About 30mm in length, the Cockchafer is often mistaken for a cockroach due to its size and shape. Found throughout the UK they are more common in the south, often seen flying at dusk from May to July. Sometimes called the ‘May Bug’ because of the month they normally appear.
The cockchafer has a three year life cycle. After mating the female digs about 20cms into the soil to lay her 10 to 20 eggs. The eggs hatch after 21 days and the larvae remain in the soil for a further two years feeding on roots. The larvae are white with a brown head and are equipped with a strong pair of pincers for chewing through roots. After this 2 year period they are about 5cms long and are ready to pupate in the soil. After pupation, the adult beetles emerge in October, but remain in the soil until the following spring. Although harmless, both adults and more significantly the larvae, can cause damage to plants and crops.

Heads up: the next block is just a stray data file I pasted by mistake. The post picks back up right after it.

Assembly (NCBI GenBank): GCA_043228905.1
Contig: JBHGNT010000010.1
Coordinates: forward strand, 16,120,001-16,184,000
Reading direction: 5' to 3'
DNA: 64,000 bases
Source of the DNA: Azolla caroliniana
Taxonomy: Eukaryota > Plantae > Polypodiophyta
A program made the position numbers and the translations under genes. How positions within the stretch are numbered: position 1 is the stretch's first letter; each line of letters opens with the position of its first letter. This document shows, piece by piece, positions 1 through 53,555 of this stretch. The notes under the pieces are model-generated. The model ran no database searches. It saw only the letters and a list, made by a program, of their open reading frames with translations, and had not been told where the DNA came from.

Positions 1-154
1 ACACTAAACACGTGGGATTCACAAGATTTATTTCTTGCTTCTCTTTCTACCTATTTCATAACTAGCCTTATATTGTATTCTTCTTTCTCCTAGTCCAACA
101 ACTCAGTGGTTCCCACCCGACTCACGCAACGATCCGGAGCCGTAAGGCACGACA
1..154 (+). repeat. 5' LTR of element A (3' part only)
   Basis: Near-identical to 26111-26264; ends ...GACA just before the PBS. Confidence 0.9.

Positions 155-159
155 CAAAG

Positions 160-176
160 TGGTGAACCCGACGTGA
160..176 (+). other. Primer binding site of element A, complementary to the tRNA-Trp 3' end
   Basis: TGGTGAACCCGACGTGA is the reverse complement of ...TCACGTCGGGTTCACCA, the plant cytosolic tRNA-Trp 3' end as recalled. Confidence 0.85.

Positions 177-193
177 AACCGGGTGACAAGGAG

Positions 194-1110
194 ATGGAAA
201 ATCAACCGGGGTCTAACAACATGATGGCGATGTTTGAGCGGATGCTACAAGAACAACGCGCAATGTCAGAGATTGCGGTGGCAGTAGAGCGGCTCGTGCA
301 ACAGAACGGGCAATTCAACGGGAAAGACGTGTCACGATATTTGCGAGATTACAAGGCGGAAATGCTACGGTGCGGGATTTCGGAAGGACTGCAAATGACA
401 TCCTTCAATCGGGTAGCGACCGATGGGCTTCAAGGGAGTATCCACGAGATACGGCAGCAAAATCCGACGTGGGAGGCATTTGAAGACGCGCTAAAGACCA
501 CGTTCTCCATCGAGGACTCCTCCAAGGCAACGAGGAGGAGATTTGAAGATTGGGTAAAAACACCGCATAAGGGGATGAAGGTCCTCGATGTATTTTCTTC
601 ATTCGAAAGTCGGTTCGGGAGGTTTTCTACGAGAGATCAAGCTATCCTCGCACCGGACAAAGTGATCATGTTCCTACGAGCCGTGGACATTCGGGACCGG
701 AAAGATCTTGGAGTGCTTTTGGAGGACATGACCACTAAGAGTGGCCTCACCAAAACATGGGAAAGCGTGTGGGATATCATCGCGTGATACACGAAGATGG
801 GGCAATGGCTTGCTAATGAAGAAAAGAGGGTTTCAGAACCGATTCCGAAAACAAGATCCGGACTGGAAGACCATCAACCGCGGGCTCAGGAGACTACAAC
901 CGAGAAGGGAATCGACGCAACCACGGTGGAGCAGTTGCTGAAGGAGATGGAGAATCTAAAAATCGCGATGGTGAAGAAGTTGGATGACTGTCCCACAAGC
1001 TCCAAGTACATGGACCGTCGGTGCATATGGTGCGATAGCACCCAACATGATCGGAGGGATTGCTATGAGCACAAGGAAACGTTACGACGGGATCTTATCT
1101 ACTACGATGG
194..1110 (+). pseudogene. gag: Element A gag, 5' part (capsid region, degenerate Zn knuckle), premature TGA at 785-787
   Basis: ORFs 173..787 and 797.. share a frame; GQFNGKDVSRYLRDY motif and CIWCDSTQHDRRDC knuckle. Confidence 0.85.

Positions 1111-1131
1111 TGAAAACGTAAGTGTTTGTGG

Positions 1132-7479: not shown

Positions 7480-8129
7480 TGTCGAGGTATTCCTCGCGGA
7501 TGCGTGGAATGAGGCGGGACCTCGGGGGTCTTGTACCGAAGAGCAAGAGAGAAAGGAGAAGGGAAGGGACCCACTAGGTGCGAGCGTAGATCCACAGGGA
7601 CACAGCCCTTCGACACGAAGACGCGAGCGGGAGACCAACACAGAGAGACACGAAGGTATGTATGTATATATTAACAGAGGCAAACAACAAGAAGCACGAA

Not considered to be of public health importance. If control of these seasonal pests is needed, it can be achieved by applying a broadspectrum residual insecticide to entry points around buildings and/or proofing.